THE Fermanagh and Western League has backed a bid by one of its member clubs to become the first – post partition – to play their home matches in the Republic of Ireland.
At December’s monthly meeting delegates agreed to a request from Magheraveely FC to support their proposal to play south of the border.
The Division Two club currently plays its home matches at Enniskillen’s Lakeland Forum, 22 miles from the village.
Magheraveely want to establish a new base at the purpose-built state-of-the-art Peace Link Centre in nearby Clones.
Currently no teams affiliated to the Irish Football Association play their home matches in the South.
There appears to be a reluctance by the IFA to sanction such a move but the fledgling Fermanagh and Western club are pushing ahead with a bid to play in Clones, less than three miles from the club’s geographical base.
Officials are in process of building a strong case to take before the IFA and have been boosted by backing from the Fermanagh and Western League.
At December’s meeting league secretary Gerry Connolly read out a letter from Magheraveely requesting their backing and delegates responded favourably much to the delight of Magheraveely officials.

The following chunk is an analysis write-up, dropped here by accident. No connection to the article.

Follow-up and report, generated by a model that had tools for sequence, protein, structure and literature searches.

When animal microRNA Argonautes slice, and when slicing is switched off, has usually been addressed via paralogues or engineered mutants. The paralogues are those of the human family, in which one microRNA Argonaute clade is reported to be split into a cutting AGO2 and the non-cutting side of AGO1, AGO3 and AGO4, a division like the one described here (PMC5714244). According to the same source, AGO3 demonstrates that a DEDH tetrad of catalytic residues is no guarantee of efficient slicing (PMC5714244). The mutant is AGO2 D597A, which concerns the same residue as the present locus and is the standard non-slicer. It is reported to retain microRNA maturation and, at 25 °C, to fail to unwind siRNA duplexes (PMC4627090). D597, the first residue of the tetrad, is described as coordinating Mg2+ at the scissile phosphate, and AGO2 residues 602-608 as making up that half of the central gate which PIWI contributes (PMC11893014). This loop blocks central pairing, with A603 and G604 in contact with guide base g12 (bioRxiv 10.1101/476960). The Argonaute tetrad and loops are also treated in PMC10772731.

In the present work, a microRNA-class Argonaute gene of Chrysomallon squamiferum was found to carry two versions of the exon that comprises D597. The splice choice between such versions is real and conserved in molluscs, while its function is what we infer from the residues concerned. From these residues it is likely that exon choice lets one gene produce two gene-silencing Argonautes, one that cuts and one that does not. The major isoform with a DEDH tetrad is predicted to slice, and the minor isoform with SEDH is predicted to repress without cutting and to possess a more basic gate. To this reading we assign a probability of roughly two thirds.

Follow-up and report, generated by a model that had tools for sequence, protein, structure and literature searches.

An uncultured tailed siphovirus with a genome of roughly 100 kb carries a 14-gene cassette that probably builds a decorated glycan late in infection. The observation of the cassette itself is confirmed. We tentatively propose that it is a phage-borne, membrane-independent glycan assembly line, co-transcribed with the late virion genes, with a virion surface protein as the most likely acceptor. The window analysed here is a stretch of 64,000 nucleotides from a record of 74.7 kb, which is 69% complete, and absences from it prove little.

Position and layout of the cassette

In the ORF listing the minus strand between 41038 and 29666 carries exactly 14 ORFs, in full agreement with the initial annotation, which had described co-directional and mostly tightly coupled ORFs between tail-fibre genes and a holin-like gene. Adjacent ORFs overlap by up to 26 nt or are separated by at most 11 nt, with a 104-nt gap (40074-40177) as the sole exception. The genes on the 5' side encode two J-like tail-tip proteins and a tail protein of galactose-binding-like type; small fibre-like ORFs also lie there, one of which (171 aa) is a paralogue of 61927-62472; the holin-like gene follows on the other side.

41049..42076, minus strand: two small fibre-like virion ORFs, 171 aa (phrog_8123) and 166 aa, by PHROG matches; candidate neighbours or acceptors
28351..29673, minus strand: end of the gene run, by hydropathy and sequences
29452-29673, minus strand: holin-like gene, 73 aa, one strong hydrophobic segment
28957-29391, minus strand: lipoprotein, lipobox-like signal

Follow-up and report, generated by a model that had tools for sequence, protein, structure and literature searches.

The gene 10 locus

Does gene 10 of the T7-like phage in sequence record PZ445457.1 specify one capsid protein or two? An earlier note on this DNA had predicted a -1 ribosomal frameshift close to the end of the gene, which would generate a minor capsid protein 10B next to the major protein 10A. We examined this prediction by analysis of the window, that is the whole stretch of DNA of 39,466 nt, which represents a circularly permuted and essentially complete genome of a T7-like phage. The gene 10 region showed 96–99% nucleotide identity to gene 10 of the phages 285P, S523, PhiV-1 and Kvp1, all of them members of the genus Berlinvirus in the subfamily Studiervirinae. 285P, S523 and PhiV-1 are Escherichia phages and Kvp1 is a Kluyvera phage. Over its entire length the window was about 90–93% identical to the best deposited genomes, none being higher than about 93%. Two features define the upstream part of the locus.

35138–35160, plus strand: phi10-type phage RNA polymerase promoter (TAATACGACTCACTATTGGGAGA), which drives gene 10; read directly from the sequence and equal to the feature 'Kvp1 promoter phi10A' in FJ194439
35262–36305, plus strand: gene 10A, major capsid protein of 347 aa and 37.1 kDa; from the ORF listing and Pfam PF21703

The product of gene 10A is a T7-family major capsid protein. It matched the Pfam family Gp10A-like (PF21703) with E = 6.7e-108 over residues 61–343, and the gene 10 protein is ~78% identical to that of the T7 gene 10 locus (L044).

Philip Hutchinson, one of the men behind the audacious move, welcomed the Fermanagh and Western League ‘s support.
“That’s the first step in what will be a long road,“ he said.
Should input from local football’s governing body help Magheraveely build a successful case it will be the first time that a team under the auspices of the IFA will have officially been granted permission to play its home games in the neighbouring jurisdiction.
A few years ago an Ulster Senior League team from Donegal was permitted to play at Derry’s Templemore Sports Complex for a temporary six-month period while Derry City, who compete in the League of Ireland, use the Brandywell Stadium which is based north of the border.
Chairman of the Fermanagh and Western League, Neil Jardine believes a move to Clones would help the development and progress of its member club.
“Primarily we would be looking at it from a development perspective, as a local governing body should,” he said.
“It would certainly be one of the main strands and it would probably help Magheraveely to develop as a club if they were playing close to their base.
“In a short time they have progressed well but this would present them with the opportunity to progress further.
“The move is also a sign of changing times, a stepping away from the Troubles of the past.
“Ten years ago or so you would have had to go through a checkpoint which wouldn’t have been practical.”
The support of the Fermanagh and Western League is a significant first step for Magheraveely but ultimately the decision will lie with the IFA in conjunction with their southern counterparts, the FAI.
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